NSF MMIA Isotopes

Sources and Sinks of Anthropogenic CO2: Integrated Assessment Using Biogeochemical Modeling and Inversion of Atmospheric Tracer Transport 

NSF MMIA 1999-2001

A crucial issue in predicting and developing appropriate responses to global environmental change is the need for reliable assessment of future atmospheric concentrations of CO2 and other greenhouse gases. Research to quantify the present, and to predict the future carbon budget, will necessarily involve multiple components of the Earth system, including the atmosphere, the oceans, the terrestrial biosphere, and anthropogenic emissions. A joint research program between the University of California at Santa Barbara (UCSB) and Princeton University will be developed to calculate the sources and sinks of atmospheric CO2 (including anthropogenic emissions) by inversion of atmospheric observations using atmospheric chemical tracer transport models. Unlike previous studies, this inverse modeling will constrain the CO2 budget using the isotopic composition of atmospheric CO2, and will incorporate the seasonal as well as the spatial variability of the natural carbon cycle.

The objective of this study is to provide a quantitative assessment of the current CO2 budget of the atmosphere. This objective will be accomplished by inversion of atmospheric tracer transport of CO2 as constrained by simultaneous observations of the seasonal and spatial variability of the

atmospheric concentration of CO2, δ13C, and δ18O. The inversion calculation will require basis functions for fluxes of each isotopic species of CO2 at the earth’s surface, which will be developed from terrestrial and marine isotope biogeochemistry models developed under this project. The surface flux basis functions will include a temporal component with sufficient resolution in time to include the redistribution of the isotopic tracers by nonlinear covariance between the fluxes and atmospheric transport (rectification). This will involve resolved seasonal cycles for marine basis functions and resolved diurnal cycles for terrestrial basis functions.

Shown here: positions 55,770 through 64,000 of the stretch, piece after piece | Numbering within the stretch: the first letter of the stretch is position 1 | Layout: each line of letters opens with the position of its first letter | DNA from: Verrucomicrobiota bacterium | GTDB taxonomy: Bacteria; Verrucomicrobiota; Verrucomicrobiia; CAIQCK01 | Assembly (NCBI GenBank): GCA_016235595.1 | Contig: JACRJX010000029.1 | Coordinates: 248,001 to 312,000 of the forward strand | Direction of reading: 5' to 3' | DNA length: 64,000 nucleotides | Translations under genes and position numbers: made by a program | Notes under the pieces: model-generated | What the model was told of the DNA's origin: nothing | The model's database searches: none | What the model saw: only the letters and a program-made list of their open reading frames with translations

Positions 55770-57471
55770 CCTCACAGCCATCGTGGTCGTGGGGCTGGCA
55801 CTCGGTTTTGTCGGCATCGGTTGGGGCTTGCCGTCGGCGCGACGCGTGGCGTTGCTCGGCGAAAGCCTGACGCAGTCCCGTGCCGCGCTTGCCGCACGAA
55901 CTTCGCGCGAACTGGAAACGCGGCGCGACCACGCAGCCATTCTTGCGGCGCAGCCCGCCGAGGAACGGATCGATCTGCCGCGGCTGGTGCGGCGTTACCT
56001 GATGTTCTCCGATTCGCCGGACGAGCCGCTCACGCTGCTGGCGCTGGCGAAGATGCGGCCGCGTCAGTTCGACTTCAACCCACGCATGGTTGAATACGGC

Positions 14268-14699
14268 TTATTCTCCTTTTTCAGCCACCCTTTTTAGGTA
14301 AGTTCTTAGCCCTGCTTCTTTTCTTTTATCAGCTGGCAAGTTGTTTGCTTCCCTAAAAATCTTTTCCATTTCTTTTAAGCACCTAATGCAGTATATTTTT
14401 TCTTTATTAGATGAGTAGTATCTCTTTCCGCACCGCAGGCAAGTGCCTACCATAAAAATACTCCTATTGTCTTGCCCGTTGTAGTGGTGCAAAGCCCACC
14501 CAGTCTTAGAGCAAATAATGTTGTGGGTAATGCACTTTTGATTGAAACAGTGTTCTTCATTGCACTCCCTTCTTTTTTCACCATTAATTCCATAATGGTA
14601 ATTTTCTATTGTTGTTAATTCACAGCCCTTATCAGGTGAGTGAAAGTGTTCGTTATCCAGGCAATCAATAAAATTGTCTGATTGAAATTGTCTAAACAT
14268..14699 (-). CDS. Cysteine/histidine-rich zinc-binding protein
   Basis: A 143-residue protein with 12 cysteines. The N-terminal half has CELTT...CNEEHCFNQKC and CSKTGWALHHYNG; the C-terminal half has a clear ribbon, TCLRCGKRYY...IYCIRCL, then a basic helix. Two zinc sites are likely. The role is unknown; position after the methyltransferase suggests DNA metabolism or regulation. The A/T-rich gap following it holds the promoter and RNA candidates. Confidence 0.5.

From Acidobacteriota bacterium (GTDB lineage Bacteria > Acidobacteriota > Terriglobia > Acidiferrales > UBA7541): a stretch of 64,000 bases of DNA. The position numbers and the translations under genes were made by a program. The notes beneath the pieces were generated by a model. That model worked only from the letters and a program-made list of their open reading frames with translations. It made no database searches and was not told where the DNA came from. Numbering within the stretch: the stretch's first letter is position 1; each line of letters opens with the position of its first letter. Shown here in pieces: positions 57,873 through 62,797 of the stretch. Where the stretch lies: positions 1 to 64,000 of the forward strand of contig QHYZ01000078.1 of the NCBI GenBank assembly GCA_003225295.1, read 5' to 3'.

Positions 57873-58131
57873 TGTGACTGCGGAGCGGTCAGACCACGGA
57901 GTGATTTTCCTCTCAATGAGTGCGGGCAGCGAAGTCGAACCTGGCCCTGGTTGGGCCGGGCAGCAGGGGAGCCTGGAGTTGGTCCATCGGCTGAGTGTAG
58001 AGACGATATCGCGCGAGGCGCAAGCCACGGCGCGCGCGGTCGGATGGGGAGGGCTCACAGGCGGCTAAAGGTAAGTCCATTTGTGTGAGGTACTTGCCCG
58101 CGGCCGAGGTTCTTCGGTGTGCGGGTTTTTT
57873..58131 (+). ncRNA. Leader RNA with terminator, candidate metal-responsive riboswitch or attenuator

Specific tasks that will be undertaken in support of the major objective will include:

  1. The development of a next-generation model of terrestrial biogeochemistry to predict theisotopic composition of CO2 fluxes, including fractionation during photosynthetic carbon assimilation, the isotopic composition of various carbon pools of varying ages at multiple depths in the soil, and the isotopic composition of water in the terrestrial hydrologic cycle. This model will be derived from the Simple Biosphere Model (SiB2) at UCSB.
  2. Development of a model of global air-sea exchange of 13CO2 and CO18O at seasonal as well as annual time scales. This will be done in the context of the Ocean Biogeochemistry Model at Princeton University, by combining remotely sensed seasonal ocean color data with existing physical, chemical, and biological ocean models.
  3. Coupling of the above-mentioned terrestrial and marine flux models to three atmospheric circulation and chemical tracer transport models, to investigate the influence of surface isotope exchanges on the spatial and temporal variability of atmospheric CO2 and its isotopes.
  4. Inverse calculation of sources and sinks of atmospheric CO2 using the results of the three atmospheric models coupled to the terrestrial and marine isotope BGC models, as constrained by atmospheric observations. The results from these inversions will also be used to suggest improvements to the component models.

The proposed research directly addresses both priorities of the MMIA initiative:

  1. The inversion method integrates atmospheric, terrestrial, and marine processes withanthropogenic emissions, providing a direct calculation of the current carbon budget and enhancing our ability to monitor compliance with emissions agreements or international treaties; and
  2. The development and enhancement of the component models of terrestrial and marine biogeochemistry, climate, atmospheric chemical tracer transport, and transport inversion will significantly improve our understanding of the relevant processes that control the rate of increase of atmospheric CO2. The application of observational constraints through the inversion calculation during the development of the biogeochemical component models will enhance the applicability of these models for integrated assessments.

This proposal is to be considered as a linked effort with another proposal by PI/PD Jorge L. Sarmiento and Co-PI Songmiao Fan at Princeton University.